## Arduino Inline Assembly Tutorial (Bit Ops) Introduction Bit operations are the foundation upon which all microcontroller programming builds. A good understanding of bit functions is essential for efficient arduino programming in general, and specifically for inline assembly programming. Its that simple.

It really is simple too. Bit manipulation basically comes down to the capacity to set, clear and toggle bits inside of a byte. The operations which perform these manipulations are termed bitwise operations (AND, OR, XOR, NOT, and shifts).

I don’t plan to cover the very basics here. If you don’t already have at least a fundamental understanding of bit operations, I suggest starting here.

Truth in a Table

Having said that, I find truth tables are helpful in understanding each bitwise operation. In a truth table, a 1 bit stands for true, and a 0 stands for false. Here are the truth tables for AND, OR and XOR operations: In addition to AND, OR and XOR, there is also the NOT operation, which inverts the bit; 1 becomes 0, and 0 becomes 1.

SO CAN I

I use the mnemonic “SO CAN I” to help remember basic bit functions. “SO”, or “Set a bit with Or”, and “CAN 1”, for “Clear a bit with And Not 1”. It works for me!

Setting the Stage

It’s time to twiddle some bits. We will start by setting one bit inside of a byte. For example, let’s set bit 0 in byte-sized variable “foo” (storing the result back into foo), which requires the use of the OR operation. We OR (“SO”) between the variable that we want to change and a constant. The constant is referred to as a BIT MASK, or simply the MASK. The mask is used to identify the bit (or bits) that we want to affect. In our example, we just want to set bit 0, so our mask is simply 1, or 0b00000001 (binary). Note, that 1 occupies the right-most bit position, or bit #0. Using the binary form of the number (i.e. 0b00000001) for the mask is helpful because it provides a pictorial representation of the affected bits.

The ORI instruction is the mnemonic for Logical OR with Immediate. ORI performs a logical OR between the contents of a register and a constant and places the result back into the register. The OR instruction is simply a logical OR between the contents of two registers.

Finally, if you don’t like my “SO CAN I” mnemonic, you can use the SBR instruction, which is the mnemonic for Set Bit in Register. However, the assembler often replaces the SBR instruction with an ORI instruction.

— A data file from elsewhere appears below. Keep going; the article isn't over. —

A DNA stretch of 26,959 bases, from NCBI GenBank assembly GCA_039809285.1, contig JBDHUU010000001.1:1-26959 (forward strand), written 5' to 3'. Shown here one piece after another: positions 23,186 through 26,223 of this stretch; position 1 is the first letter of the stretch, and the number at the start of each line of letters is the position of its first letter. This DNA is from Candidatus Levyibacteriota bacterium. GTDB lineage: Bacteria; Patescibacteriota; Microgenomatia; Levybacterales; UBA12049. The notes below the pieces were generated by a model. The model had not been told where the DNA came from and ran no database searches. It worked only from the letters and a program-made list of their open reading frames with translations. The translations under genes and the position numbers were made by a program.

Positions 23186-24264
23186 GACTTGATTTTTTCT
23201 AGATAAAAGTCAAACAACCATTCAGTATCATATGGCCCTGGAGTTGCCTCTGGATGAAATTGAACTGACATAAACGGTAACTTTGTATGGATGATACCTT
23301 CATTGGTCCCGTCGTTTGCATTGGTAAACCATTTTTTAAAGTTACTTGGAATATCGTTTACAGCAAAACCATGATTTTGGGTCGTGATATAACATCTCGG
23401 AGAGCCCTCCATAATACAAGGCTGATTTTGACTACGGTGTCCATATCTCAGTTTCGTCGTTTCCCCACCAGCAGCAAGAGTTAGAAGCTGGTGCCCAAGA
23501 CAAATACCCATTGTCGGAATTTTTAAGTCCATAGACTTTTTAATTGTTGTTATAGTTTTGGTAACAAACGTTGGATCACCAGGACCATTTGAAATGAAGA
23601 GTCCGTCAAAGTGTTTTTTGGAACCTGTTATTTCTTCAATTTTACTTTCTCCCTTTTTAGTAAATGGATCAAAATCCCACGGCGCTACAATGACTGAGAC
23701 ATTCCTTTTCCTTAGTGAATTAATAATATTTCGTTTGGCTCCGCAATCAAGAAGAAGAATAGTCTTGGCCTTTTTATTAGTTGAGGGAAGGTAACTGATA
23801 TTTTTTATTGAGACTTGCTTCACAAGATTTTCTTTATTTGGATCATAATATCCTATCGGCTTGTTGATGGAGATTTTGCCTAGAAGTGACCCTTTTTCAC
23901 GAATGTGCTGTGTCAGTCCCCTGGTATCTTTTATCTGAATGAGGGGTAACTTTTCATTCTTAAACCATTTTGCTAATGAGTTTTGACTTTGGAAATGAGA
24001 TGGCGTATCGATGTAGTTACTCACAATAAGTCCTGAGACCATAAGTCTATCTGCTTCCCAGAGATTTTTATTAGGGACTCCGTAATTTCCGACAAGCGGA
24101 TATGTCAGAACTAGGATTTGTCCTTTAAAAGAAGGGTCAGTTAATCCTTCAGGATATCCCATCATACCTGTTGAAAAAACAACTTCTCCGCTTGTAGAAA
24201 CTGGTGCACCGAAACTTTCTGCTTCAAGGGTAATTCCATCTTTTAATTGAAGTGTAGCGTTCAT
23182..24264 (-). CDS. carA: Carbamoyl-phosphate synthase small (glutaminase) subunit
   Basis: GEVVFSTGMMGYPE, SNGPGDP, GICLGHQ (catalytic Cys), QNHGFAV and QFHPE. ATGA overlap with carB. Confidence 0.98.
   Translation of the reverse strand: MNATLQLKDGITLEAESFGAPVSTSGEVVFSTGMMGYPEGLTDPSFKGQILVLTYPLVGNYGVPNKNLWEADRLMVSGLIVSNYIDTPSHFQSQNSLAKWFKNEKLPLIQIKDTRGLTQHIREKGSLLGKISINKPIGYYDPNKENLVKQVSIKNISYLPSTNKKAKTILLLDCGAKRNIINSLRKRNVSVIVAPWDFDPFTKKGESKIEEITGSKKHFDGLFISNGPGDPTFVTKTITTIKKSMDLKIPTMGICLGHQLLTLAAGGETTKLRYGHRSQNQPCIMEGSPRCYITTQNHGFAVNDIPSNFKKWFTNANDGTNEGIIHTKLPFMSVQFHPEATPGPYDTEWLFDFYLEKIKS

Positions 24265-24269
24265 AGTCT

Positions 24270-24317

```
//Set bit to immediate value
//C language equivalent: b = b | 0x01;
volatile uint8_t b = 0;

asm (
"ori %0, %1 \n"
:"+r" (b) : "M" (0x01)
);
```

If you are already comfortable using the typical C notation to define multiple bits, like so:
``` (1<<3) | (1<<2) | (1<<1) | (1<<0) ```

You can continue to use this technique in your inline assembly code for constant expressions. For example:

```//corresponds to “ori %0, 15 \n”
volatile uint8_t b = 0;

asm (
"ori %0, (1<<3) | (1<<2) | (1<<1) | (1<<0) \n"
:"+r" (b)
);
```

Clear a Register, And Not

To clear bit 0 in variable foo requires 2 bit operations (“CAN 1”), both the AND, and NOT operations. To clear a bit, the bit mask must first be NOT’d (inverted) and then AND’d with the variable. The first hurdle here, is there is no ‘NOT’ instruction. Did I just state a “double negative“? However, we realize when EORing something with a one, that bit flips. So to get the inverse bits (or to perform a NOT operation), we EOR it with a byte filled with 1’s (0b11111111, or 255):

```volatile uint8_t foo = 0xff, bit = 1;

asm (
"eor %1, %2 \n"
"and %0, %1 \n"
:"+r" (foo) : "r" (bit), "r" (0xff)
);
```

Of course if we wanted to perform the NOT operation with a constant value, we can use the C language negation operator ‘~’ (or tilde) with the ANDI instruction, like so:

```volatile uint8_t foo = 0xff;

asm (
"andi %0, %1 \n"
:"+r" (foo) : "i" (~1)
);
```

Getting One’s Bits Inverted

When I said, there is no NOT instruction (was that a double negative again?), I was only partially correct. While there is no instruction termed “NOT”, there is a COM instruction which performs a “one’s-COMplement of the register. One’s complementing a number is the same as inverting it’s bits.

This allows us to rewrite our initial example for clearing a bit:

```volatile uint8_t foo = 0xff, bit = 1;

asm (
"com %1     \n"
"and %0, %1 \n"
:"+r" (foo) : "r" (bit)
);
```

Making Flippy Flop

Another handy tool flips or toggles a byte on and off, even if you don’t know and/or don’t care what state the bit is currently. This can easily be accomplished by using the XOR operator:

```//C language equivalent: foo = foo ^ 0x01;
volatile uint8_t foo = 1;

asm (
"ldi r16, 1  \n"
"eor %0, r16 \n"
: "+r" (foo) : : "r16"
);
```

We previously covered how to set and clear bits within PORT registers using the SBI/CBI instructions (here). But, can we have a general method for setting and/or clearing several bits on a Port without altering the others? Since Port registers contain bits controlling several pins (typically 0-7), simply writing to the Port without regard to the other bits would overwrite their status. This is the essence of the Read-Modify-Write strategy we briefly talked about previously. The R-M-W technique properly preserves the unaffected bits of register.